Events, Ponderings

My bittersweet adieu to the Journal

Today the Journal Tribune will publish it’s last issue, and then cease to be. I read Drew McMullin’s farewell essay in this yesterdays edition, and it revived the lump that has been in my throat since I learned our newspaper is being tossed. Why? Because it is not a moneymaker, and that is all that matters. I have to admit, I’m pretty upset and so very sad about this whole situation. Biddeford is doing amazing things, and has been doing everything right, and still we couldn’t save our local paper…of course I wonder if we had a fair chance to fight for it. Pay up or else, I guess.

But I’m going to try and keep my disappointment and accusations to myself, because the purpose of me writing this is a need to say something good. I need to convey my deep appreciation for the Journal Tribune, in all its forms, and for all the Journal staff who have ever served our community.

To the past and current staff of the Journal: Do you know that we use your work almost every day at the library? Do you know that we all rely on the work you’ve done to tell the innumerable stories of our city? Births, deaths, marriages, divorces, accidents, fires, triumphs, mysteries, successes, defeats, they are all there, and always have been. Do you know how often the words “Let’s check in the Journal” or some variation of which, have been and are uttered by the librarians of Biddeford? I can only imagine it has ever been so.

We have relied on you, and we are afraid of a future without you. There’s room in the out-of-town papers for the big Biddeford and Saco stories, but what about the little ones? Will the free weekly that is supposed to suffice have room enough amongst the all-important ads for all the little things that make our towns home? When people pass away will their loved ones still have an affordable option to have an obituary printed? I know from experience that a Press Herald obit costs quite a bit more than the Journal did – hundreds of dollars for a modest sized remembrance. Will people in Biddeford and Saco and surrounding towns be able to afford to have their loved ones remembered one last time?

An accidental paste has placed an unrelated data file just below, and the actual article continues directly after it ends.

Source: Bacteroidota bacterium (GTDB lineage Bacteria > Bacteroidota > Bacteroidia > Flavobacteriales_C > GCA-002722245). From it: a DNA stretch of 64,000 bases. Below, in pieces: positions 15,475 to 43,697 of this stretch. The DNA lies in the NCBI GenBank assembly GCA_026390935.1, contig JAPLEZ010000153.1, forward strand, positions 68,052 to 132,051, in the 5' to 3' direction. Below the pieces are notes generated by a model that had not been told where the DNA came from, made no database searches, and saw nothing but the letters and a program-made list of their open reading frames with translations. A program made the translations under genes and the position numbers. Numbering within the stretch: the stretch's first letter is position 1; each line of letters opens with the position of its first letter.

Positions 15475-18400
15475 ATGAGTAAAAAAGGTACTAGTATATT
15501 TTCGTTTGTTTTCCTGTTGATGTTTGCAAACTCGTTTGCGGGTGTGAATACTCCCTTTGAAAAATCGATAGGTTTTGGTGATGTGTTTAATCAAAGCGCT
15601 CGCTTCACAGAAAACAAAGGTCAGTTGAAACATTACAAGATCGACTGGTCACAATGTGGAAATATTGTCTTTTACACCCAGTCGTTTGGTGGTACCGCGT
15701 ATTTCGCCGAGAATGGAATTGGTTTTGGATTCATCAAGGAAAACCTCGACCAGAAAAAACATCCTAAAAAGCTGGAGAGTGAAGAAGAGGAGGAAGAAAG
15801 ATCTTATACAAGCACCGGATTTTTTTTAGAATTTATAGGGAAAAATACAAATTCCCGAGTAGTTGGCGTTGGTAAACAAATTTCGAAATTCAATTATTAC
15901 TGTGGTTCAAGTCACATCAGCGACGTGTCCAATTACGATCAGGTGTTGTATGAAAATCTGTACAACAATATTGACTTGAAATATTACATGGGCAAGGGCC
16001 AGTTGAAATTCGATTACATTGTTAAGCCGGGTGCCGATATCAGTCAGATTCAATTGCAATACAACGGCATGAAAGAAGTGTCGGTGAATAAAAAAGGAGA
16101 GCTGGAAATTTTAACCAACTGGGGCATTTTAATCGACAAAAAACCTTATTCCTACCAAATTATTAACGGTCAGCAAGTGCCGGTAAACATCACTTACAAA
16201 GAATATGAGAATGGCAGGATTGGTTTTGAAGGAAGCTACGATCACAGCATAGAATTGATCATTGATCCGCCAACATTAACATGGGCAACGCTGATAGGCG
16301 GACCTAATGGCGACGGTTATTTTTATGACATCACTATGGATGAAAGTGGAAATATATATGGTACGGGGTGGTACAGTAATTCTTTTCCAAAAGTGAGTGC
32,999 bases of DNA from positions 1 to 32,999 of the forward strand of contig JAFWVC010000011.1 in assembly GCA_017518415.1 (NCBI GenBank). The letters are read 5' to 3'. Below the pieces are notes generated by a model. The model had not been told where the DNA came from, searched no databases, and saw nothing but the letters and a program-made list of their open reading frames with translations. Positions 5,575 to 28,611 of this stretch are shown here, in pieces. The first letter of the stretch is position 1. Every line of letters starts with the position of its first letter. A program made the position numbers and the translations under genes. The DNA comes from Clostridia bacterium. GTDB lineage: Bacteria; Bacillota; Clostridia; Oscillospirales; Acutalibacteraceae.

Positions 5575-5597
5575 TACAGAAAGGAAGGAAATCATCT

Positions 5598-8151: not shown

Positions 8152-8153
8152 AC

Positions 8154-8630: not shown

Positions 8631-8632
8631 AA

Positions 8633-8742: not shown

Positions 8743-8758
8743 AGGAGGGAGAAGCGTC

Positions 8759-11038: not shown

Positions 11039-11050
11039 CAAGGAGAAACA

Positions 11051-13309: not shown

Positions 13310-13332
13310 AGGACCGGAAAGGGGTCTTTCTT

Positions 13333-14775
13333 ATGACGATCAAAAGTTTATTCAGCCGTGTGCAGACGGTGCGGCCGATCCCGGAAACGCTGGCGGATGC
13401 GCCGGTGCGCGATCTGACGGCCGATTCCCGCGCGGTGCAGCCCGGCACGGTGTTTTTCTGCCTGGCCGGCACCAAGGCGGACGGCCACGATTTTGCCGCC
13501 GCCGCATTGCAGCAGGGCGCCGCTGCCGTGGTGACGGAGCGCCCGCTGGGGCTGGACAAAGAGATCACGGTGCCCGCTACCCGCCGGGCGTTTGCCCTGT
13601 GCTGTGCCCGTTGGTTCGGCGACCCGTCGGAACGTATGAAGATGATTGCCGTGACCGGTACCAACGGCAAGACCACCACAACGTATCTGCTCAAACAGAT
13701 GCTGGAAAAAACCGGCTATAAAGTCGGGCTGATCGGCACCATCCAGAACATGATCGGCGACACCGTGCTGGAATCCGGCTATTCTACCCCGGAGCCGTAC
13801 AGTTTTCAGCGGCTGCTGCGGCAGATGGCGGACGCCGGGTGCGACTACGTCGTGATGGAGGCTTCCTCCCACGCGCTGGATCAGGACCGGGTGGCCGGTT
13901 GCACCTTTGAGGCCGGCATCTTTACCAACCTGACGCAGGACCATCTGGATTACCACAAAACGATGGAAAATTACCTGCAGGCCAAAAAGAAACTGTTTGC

What about in 10 years, or 20 years, when someone wants to learn about the how and why of our choices today in Biddeford – Saco? Will they be able to find that information locally, for free? Or will they have to pay an online service? Or will they have to go to Portland? Or Augusta? Can you even get to Augusta from here without a car?? I don’t know that you can, not easily anyway.

The thing is, our community newspaper is not just a business, it is NOT all about dollars and cents. It is so much more than that, it is the living memory of all of us, in a format that is almost universally accessible. It’s the memory of me, and you, and my kids, and your kids and grandkids. It is our grandparents, or the grandparents of your neighbors up the street, or of all the folks that have lived in your building or your block. It’s all the honor rolls, playoff games, new businesses, and programs at the libraries.

I am so grateful to all of the amazing editors and reporters that I’ve come to know over my 13 years here at the library. I am so sorry that your hard work has come to this, and I promise you that we will keep your words and images alive. I promise that we will do our best to care for and preserve the Journal Tribune and make it accessible to all forever. I wish I could do more. I’m glad I have it within my power to do something, at least.

Thank you for being a part of my story. I won’t forget you.

New Stuff

Rum did it!

I was looking up some late 19th century obituaries in the local papers and came away with a clearer sense of the amount of temperance propaganda that appeared in the media at that time. The first article that caught my attention was about an unfortunate fire that occurred in the General Qunby(sp?) Hook & Ladder House on Main Street where a young man, passed out drunk on a couch, died. The second piece, which appeared in the next week’s paper, was less tragic but still pretty grim. Here it is in full:

“-Mr. Patterson of Lewiston, who has had charge of the brick work on the York corporation, completes his work this week.  Mr. P. in conversation with a well-known Saco gentleman a few days ago, said that many of his workmen would have attended to their business more satisfactorily if Biddeford rum hadn’t frequently got the better of them. He made the statement that he often withheld the wages of the men for the reason that payday meant to them a day of disgraceful inebriation, made so by liquor obtained in Biddeford.” (Union & Journal, December 3, 1880.)

Which makes me curious–was Saco dry at this time? I hadn’t heard about that but I wonder if it was so. Also, apparently a “turkey raffle” was slang for going out to have some drinks, and it comes up often in the little quips about crime and public disturbances that appeared in the papers of the time. Lots of interesting questions to think about with this!